Tag Archives: mass incarceration

LA Supreme Court: It’s Reasonable to Believe “Give Me a Lawyer Dog” was Request for a Dog Who is a Lawyer

Lawyer Dog Louisiana Supreme Court Canine Attorney

Lawyer Dog should really ask Grumpy Judge to recuse herself. #JusSayin

Recently, the Louisiana Supreme Court issued a ruling on a motion to suppress evidence against Warren Demesme, who is currently awaiting trial in New Orleans. By a 6-1 majority the court denied that motion, which maintained that statements Demesme had made should be thrown because the police had ignored his request for legal counsel during interrogations.

What’s gotten a lot of attention (and rightfully so) since that ruling is the courts’ contention that Demesme’s request was ambiguous and unclear. But even more so for the reasoning behind the ruling. Orleans Parish Assistant District Attorney Kyle Daly argued in his response to the motion that Demesme’s statement, “just give me a lawyer dog,” could be misinterpreted by a “reasonable officer” based on the use of the words “lawyer dog.”

In a brief accompanying the decision, Louisiana Associate Supreme Court Justice Scott J. Crichton agreed that the defendant’s use of “lawyer dog” could be misconstrued to mean something else and therefore did not qualify as a request for counsel.

Via the Washington Post:

Warren Demesme, then 22, was being interrogated by New Orleans police in October 2015 after two young girls claimed he had sexually assaulted them. It was the second time he’d been brought in, and he was getting a little frustrated, court records show. He had repeatedly denied the crime. Finally, Demesme told the detectives:

“This is how I feel, if y’all think I did it, I know that I didn’t do it so why don’t you just give me a lawyer dog ’cause this is not what’s up.” The punctuation, arguably critical to Demesme’s use of the sobriquet “dog,” was provided by the Orleans Parish District Attorney’s office in a brief, and then adopted by Louisiana Associate Supreme Court Justice Scott J. Crichton.

Demesme subsequently made admissions to the crime, prosecutors said, and was charged with aggravated rape and indecent behavior with a juvenile. He is being held in the Orleans Parish jail awaiting trial.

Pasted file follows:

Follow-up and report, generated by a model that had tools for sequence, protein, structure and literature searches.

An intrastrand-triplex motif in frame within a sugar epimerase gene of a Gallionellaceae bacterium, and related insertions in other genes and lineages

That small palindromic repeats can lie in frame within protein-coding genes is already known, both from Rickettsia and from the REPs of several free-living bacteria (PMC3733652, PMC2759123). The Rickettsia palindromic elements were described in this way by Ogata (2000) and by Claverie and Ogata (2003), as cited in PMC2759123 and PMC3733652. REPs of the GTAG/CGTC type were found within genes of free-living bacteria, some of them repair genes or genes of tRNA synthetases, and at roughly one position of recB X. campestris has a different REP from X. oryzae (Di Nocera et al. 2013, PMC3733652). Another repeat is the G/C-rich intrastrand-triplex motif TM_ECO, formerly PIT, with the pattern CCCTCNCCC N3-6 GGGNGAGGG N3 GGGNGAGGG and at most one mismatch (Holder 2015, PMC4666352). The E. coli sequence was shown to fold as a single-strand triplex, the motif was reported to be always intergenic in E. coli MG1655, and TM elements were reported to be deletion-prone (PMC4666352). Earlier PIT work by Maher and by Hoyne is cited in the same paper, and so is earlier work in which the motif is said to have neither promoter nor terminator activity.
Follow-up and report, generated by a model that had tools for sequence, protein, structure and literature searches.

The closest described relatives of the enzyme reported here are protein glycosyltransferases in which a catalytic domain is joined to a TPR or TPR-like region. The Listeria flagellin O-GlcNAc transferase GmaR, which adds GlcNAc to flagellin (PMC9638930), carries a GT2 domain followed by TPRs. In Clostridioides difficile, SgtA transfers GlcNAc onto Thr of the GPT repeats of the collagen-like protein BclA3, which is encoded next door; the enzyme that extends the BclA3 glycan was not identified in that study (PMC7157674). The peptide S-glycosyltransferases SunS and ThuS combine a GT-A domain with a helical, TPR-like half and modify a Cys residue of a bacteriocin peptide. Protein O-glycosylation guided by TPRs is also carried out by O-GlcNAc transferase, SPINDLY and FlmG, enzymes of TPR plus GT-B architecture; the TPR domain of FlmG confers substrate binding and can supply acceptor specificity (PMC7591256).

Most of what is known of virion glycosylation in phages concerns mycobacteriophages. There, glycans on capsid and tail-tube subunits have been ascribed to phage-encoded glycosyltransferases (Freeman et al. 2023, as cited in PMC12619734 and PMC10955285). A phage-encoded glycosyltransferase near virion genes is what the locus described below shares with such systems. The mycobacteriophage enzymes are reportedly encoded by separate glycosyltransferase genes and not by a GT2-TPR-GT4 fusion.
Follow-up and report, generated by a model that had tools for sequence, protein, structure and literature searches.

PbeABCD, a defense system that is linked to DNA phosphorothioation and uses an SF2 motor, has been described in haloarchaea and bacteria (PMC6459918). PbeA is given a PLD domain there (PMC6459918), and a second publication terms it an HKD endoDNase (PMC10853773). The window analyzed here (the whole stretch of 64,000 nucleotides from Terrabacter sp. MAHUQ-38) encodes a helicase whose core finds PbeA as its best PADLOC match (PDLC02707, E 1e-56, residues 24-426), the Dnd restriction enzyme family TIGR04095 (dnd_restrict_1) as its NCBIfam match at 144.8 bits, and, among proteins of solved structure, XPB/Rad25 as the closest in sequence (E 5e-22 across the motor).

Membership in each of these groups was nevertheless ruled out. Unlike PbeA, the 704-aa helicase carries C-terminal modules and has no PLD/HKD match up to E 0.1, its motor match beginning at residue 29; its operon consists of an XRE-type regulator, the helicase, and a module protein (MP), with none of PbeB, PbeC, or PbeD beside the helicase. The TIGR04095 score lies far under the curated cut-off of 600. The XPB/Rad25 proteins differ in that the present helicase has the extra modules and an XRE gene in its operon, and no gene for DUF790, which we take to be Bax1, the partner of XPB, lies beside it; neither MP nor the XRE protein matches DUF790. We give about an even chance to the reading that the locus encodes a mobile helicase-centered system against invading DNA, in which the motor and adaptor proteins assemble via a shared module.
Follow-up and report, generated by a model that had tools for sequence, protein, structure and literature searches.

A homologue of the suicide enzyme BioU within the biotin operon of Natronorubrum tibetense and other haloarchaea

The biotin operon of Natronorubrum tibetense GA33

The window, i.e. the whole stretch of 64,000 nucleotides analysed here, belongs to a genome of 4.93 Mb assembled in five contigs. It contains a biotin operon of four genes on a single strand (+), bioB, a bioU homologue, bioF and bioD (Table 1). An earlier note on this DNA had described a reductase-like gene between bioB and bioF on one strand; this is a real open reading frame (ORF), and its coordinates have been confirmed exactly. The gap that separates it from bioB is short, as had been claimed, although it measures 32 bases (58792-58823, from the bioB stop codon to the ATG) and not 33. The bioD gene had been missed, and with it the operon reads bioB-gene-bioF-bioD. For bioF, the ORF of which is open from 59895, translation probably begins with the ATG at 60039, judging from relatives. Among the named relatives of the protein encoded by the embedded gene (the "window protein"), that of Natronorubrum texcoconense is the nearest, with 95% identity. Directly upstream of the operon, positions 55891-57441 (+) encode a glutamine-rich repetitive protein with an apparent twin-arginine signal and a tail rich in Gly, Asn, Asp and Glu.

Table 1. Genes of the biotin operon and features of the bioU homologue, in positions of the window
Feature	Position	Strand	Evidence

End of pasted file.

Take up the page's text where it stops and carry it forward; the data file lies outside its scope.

The public defender for Orleans Parish, Derwyn D. Bunton, took on Demesme’s case and filed a motion to suppress Demesme’s statement. In a court brief, Bunton noted that police are legally bound to stop questioning anyone who asks for a lawyer. “Under increased interrogation pressure,” Bunton wrote, “Mr. Demesme invokes his right to an attorney, stating with emotion and frustration, ‘Just give me a lawyer.’” The police did not stop their questioning, Bunton argued, “when Mr. Demesme unequivocally and unambiguously asserted his right to counsel.”

Louisiana Associate Supreme Court Justice Scott J. Crichton

Louisiana Associate Supreme Court Justice Scott J. Crichton

Orleans Parish Assistant District Attorney Kyle Daly responded in his brief that Demesme’s “reference to a lawyer did not constitute an unambiguous invocation of his right to counsel, because the defendant communicated that whether he actually wanted a lawyer was dependent on the subjective beliefs of the officers.” Daly added, “A reasonable officer under the circumstances would have understood, as [the detectives] did, that the defendant only might be invoking his right to counsel.”

Bunton’s motion to throw out Demesme’s statement was rejected by the trial court and the appeals court, so he took it to the state Supreme Court. The Supreme Court, in a ruling issued last Friday and first reported by Reason, could have denied the appeal without issuing a written ruling, which it does in most cases. But Justice Crichton decided to write a brief concurrence “to spotlight the very important constitutional issue regarding the invocation of counsel during a law enforcement interview.”

Crichton noted that Louisiana case law has ruled that “if a suspect makes a reference to an attorney that is ambiguous or equivocal . . . the cessation of questioning is not required.” Crichton then concluded: “In my view, the defendant’s ambiguous and equivocal reference to a ‘lawyer dog’ does not constitute an invocation of counsel that warrants termination of the interview.”

So…

There’s a lot of things wrong with that decision. The most obvious issue is that they didn’t actually provide him with a dog who is a lawyer, as they claim they thought he had requested. It’s probably not the wisest move to request a dog to represent you in court, but if he’s a good boy and graduated from an accredited law school, who am I to cast aspersions?

Of course, that’s kind of the biggest problem with the “logic” of this ruling. They couldn’t give him a “lawyer dog” because, outside of memes on the internets, it’s not an actual thing. At this point in history, not one single dog has ever managed to pass the bar exam. Not Lassie, not Rin Tin Tin, not Benji, not even Snoopy. Scooby Doo is way to high to even think about taking the SAT’s, let alone the LSAT’s, and don’t even get me started on Marmaduke.